Every day we wake up, drink some coffee, get ready for work and check on the latest tech. So here’s a handful of stories from around the tech world condensed to fit into that first cup. These are things you need to know before you step foot out of your door (or in front of a webcam) and into the real world this morning.
MoveIt hack exposes DMV data of millions of Americans
A massive cyberattack on MoveIt, a cloud-based file transfer service, has compromised the personal data of millions of Americans who applied for driver’s licenses or vehicle registrations.
The hack, which was discovered on June 15, 2023, affected states that used MoveIt to share sensitive information with other agencies.
The hackers gained access to names, addresses, dates of birth, Social Security numbers, and driver’s license numbers of the applicants. MoveIt has notified the affected states and customers and has launched an investigation into the breach.
The company has also suspended its service until further notice. The FBI and the Department of Homeland Security are also involved in the probe. The hack is one of the largest data breaches in US history and poses a serious risk of identity theft and fraud for the victims.
Squarespace acquires Google Domains in a surprise deal
Squarespace, the popular website builder and hosting service, has announced that it has acquired Google Domains, the domain name registrar service launched by Google in 2015. The deal, which was not disclosed, will allow Squarespace customers to easily register and manage their domain names through the Squarespace platform.
Google Domains was one of the many products that Google created to compete with other online services, but it never gained much traction or popularity among users. Google said that it decided to sell Google Domains to Squarespace as part of its ongoing efforts to focus on its core products and services.
Squarespace said that it will continue to support existing Google Domains customers and will integrate Google Domains into its own platform over the next few months. Squarespace also said that it plans to expand its domain name offerings and features with the help of Google Domains’ technology and expertise.
European Consumer group warns of generative AI risks
A European consumer group has urged the EU to investigate the potential harms of generative AI, a technology that can create realistic content such as images, text, and audio.
The consumer group is the BEUC (European Bureau of Consumers’ Unions), which represents consumer organizations in 13 countries in the EU. It issued the call to coincide with a report from one of its members, Forbrukerrådet in Norway. The group claims that generative AI poses serious threats to privacy, security, democracy, and human dignity.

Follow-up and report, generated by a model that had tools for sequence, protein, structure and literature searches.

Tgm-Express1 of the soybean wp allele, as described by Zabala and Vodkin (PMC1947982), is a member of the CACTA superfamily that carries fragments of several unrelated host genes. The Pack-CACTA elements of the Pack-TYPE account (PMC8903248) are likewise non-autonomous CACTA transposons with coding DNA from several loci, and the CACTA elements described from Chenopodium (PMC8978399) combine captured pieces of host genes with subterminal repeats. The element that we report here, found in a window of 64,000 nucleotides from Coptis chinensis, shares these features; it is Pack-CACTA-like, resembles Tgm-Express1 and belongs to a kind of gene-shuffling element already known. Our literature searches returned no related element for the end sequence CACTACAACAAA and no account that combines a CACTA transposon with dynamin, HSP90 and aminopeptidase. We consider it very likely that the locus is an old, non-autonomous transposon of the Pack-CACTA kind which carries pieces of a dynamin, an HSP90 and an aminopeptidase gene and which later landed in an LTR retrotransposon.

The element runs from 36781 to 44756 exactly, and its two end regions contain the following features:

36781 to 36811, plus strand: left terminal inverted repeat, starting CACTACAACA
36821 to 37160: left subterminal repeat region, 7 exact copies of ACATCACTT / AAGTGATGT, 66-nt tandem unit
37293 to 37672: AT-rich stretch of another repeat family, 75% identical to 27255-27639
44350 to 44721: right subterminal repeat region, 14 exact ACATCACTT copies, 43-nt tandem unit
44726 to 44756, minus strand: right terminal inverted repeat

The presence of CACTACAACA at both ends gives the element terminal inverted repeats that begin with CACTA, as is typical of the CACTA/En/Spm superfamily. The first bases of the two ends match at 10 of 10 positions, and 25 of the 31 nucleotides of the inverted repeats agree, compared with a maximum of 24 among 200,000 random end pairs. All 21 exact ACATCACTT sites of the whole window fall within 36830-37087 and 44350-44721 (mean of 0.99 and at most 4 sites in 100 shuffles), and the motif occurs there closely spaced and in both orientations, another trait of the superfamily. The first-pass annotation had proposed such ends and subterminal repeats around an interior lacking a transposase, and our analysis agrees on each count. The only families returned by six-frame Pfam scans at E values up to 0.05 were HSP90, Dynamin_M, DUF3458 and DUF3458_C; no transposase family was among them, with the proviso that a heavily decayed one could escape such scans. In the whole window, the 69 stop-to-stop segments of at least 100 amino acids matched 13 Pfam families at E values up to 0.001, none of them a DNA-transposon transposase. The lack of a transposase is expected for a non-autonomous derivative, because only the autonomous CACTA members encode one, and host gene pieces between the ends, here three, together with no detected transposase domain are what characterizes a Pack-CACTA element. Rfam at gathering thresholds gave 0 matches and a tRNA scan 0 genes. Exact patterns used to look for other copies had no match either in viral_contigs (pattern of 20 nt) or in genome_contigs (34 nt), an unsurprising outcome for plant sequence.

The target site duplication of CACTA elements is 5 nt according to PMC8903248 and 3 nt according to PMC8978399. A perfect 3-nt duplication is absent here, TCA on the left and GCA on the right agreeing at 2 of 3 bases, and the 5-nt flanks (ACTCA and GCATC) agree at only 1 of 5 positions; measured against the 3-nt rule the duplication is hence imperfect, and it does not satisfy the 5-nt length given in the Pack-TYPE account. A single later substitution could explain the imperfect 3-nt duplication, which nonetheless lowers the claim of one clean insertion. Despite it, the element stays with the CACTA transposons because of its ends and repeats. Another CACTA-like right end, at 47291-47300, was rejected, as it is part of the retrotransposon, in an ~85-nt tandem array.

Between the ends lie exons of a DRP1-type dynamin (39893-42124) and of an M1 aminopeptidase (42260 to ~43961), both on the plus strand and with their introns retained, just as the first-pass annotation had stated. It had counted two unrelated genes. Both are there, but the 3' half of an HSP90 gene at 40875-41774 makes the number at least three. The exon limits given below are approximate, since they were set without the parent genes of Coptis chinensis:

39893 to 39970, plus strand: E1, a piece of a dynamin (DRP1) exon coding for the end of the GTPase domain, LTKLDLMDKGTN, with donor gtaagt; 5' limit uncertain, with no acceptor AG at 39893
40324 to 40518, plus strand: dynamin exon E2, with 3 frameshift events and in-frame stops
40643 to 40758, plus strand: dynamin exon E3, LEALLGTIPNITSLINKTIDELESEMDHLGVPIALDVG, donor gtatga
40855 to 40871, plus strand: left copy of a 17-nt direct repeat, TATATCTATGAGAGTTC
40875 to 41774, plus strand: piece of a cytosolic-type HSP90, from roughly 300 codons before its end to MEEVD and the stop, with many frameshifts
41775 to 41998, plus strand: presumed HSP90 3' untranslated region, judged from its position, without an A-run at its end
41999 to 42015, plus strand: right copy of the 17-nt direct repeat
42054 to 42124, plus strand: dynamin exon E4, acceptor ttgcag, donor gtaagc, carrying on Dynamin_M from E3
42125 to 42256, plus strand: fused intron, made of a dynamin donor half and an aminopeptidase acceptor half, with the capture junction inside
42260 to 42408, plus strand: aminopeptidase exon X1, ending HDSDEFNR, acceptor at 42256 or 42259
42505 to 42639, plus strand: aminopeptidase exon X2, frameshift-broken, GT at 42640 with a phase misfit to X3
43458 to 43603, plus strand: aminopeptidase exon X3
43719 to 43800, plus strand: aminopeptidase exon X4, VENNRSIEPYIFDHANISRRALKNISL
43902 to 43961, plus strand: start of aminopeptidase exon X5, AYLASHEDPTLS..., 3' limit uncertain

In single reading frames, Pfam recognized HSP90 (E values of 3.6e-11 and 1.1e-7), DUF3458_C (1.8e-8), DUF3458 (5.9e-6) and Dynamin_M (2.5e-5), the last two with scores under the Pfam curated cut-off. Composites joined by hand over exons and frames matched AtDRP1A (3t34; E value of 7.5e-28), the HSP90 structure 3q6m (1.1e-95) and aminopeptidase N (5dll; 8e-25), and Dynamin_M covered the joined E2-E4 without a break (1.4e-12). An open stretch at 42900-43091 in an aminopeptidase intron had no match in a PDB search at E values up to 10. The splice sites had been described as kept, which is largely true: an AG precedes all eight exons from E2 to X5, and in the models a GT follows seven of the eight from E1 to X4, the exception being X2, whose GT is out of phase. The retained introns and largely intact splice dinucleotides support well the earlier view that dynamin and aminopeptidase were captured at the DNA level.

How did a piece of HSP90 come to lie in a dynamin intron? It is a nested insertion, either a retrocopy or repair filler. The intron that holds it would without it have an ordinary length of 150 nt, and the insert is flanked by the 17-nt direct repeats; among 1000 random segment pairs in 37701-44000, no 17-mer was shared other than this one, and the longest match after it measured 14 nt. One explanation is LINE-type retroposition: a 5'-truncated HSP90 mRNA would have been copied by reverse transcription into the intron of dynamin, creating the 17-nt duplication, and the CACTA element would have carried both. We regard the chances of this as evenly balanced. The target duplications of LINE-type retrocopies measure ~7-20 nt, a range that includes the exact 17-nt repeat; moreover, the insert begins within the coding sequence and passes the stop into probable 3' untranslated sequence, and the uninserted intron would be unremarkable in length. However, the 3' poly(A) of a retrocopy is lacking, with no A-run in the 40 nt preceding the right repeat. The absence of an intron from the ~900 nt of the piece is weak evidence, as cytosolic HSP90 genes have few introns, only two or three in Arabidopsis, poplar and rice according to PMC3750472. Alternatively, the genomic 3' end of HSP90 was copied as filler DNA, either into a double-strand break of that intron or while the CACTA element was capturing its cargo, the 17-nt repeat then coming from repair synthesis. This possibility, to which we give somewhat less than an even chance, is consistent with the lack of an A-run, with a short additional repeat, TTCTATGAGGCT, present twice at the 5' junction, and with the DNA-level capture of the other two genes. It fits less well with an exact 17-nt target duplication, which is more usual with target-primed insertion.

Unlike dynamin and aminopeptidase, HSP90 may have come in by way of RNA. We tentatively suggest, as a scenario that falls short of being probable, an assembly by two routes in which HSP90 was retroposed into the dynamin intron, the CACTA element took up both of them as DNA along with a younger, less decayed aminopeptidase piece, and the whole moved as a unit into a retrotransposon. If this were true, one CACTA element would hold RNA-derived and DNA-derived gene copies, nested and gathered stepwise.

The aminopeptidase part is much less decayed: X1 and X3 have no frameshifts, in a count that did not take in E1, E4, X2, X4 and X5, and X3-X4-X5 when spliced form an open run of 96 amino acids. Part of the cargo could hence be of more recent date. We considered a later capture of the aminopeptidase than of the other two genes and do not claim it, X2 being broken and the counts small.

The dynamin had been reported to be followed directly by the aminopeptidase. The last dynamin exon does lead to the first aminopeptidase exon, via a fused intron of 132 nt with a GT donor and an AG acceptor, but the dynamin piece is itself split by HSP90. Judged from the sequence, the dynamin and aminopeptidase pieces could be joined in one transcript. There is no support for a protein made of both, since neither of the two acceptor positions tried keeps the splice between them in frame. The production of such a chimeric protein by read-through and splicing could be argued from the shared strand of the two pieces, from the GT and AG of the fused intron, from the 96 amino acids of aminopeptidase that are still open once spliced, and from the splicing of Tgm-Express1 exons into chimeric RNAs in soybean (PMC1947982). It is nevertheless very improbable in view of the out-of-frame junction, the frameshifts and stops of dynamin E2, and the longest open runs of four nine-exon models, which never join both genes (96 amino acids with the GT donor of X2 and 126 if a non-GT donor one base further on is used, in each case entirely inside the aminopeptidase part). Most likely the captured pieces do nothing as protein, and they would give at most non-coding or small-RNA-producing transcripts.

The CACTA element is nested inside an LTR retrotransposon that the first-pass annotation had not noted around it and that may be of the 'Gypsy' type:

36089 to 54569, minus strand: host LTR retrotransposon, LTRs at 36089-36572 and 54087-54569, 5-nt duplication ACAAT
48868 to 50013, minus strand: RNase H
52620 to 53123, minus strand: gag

It calls for strict regulation and oversight of the technology, as well as public awareness and education. The group also warns that generative AI could be used for malicious purposes such as deepfakes, misinformation, identity theft, and cyberattacks. The EU has not yet responded to the group’s request.
The US Navy, NATO, and NASA are using a shady Chinese company’s encryption chips
A recent investigation by Ars Technica has revealed that several US and European government agencies are using encryption chips made by a Chinese company with ties to the Chinese military and intelligence.
The chips are used in devices such as routers, firewalls, and VPNs that secure sensitive communications and data. The company, called HiSilicon, is a subsidiary of Huawei, which has been banned by the US and other countries for posing a national security threat.
The investigation found that HiSilicon has been selling its chips to third-party vendors who then rebrand them and sell them to government customers. The chips have not been independently audited or certified, and could potentially contain backdoors or vulnerabilities that could compromise the security of the users.
The US Navy, NATO, and NASA are among the agencies that have been using these chips, according to the report.
Fungal meningitis outbreak linked to contaminated steroid injections
A rare and deadly form of fungal meningitis has infected at least 91 people and killed seven in 19 states, according to the Centers for Disease Control and Prevention (CDC). The outbreak is traced to contaminated steroid injections used to treat back pain.
The CDC estimates that about 17,000 vials of the tainted drug were shipped to 75 clinics across the country, and that as many as 14,000 patients may have been exposed.
The agency is urging anyone who received a steroid injection since May to contact their doctor and watch for symptoms such as headache, fever, nausea, and stiff neck. The fungal infection can take weeks to develop and requires antifungal treatment that can last months.
The CDC is working with state and local health officials to identify the source of the contamination and prevent further infections.